Whenever the subject of attracting youth to the fenestration industry comes up, I always hear this: “what can we do to get young people to come to the sector?” At the moment, the push to attract new talent has been focused on talking about our industry. And I don’t even think we’re getting that 100% right either.
For me, we’re getting the approach completely wrong. We have to stop thinking young people and those looking for a new career will come knocking on our door. We have to go to them.
The simple fact of the matter is that the people our fenestration industry desperately needs for the next 10-15 years are consuming nearly everything that influences them on social media platforms. Especially TikTok and Instagram. The school leavers that are approaching an age where they need to decide on what direction in life to go spend a huge amount of time on social media platforms. We know this. This is not new news. Yet, we’re doing absolutely nothing about it.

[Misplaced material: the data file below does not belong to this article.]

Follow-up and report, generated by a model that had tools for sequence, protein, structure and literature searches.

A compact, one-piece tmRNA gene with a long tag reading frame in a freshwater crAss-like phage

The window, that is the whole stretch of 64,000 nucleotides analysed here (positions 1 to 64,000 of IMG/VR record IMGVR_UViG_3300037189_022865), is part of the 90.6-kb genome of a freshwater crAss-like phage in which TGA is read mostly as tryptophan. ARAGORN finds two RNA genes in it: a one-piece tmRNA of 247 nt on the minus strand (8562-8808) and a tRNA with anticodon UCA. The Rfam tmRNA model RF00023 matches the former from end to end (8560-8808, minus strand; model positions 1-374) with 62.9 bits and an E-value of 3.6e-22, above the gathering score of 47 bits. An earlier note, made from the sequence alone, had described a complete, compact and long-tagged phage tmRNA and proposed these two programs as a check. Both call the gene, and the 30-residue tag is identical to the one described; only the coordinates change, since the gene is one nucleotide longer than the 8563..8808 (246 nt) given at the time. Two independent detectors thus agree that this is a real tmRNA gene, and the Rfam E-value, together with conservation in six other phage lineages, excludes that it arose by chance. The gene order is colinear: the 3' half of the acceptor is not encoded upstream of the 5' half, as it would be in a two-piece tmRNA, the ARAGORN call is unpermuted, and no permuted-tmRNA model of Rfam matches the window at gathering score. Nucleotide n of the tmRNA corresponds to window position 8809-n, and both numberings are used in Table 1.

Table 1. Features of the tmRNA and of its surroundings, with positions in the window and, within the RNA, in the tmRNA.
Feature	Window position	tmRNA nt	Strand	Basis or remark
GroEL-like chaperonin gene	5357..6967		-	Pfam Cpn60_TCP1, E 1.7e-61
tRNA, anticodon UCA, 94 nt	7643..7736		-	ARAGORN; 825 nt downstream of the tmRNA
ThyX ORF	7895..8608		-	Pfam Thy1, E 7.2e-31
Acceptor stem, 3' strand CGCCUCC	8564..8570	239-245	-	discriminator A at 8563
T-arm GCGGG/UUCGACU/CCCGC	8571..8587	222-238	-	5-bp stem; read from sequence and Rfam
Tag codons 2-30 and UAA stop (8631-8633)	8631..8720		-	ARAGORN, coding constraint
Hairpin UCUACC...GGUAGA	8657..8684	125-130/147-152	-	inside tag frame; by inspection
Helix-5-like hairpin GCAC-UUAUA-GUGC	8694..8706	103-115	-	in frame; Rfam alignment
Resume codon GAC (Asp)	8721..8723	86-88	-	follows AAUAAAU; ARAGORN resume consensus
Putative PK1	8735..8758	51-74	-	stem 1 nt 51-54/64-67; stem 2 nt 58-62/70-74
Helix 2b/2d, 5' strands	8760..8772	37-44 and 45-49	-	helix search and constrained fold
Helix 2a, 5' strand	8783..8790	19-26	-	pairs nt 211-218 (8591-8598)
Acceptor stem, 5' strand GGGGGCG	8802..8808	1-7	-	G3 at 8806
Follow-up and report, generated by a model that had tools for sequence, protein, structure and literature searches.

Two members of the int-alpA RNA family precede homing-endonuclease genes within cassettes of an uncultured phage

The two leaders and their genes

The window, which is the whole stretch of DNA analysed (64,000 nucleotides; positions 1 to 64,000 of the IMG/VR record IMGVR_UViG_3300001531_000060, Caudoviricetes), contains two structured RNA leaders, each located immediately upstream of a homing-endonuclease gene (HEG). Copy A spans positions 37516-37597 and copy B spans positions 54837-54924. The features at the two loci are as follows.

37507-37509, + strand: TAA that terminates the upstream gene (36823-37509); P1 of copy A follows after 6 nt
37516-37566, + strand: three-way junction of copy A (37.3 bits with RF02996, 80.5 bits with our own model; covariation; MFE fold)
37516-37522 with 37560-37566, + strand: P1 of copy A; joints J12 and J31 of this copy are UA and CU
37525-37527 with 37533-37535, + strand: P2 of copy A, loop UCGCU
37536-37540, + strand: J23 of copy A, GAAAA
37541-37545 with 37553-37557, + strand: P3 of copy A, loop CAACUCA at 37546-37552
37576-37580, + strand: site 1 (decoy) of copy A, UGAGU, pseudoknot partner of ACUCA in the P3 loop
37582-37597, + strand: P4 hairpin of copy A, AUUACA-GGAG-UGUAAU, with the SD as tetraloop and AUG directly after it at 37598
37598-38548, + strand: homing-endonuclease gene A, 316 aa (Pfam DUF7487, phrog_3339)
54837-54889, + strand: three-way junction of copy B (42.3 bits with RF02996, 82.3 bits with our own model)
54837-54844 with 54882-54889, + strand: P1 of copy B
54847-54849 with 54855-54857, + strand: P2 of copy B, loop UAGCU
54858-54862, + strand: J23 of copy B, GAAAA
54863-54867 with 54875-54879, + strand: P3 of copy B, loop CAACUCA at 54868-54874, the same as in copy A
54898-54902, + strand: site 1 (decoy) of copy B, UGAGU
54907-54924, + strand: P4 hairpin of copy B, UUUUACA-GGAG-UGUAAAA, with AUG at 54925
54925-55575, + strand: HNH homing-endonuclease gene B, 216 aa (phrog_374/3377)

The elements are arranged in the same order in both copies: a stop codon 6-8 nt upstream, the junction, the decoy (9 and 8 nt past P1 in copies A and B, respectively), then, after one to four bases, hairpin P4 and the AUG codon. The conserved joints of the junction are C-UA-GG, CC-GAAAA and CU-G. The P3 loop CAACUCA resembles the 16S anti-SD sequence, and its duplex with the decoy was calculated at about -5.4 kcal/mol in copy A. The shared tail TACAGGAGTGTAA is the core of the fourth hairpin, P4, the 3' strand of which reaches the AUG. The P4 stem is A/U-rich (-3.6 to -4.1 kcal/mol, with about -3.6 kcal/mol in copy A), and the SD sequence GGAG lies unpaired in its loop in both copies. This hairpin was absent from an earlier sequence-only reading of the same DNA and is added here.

Whether you like it or not, the next generation that comes into this sector will not read newspapers, they’ll watch very little TV and won’t read many books either. At least not paperbacks. Almost everything is consumed via a screen because that is the world they have grown up in.
So why are we not using platforms like TikTok, Instagram, Snapchat and others to reach out to young people to raise the profile of our sector? It seems like such an obvious thing to do yet no one is doing it. There are millions of kids on these platforms, the same kids that we’re going to need in the next few years.
We’re not going to improve and expand the image and profile of fenestration using traditional methods anymore. We have to go to the younger generations on the platforms THEY use, not ours, and show them all the positives of working in our sector can give them. We complain that we’re not finding enough young people, but the reality is that what we’re doing is wrong and we need to change that.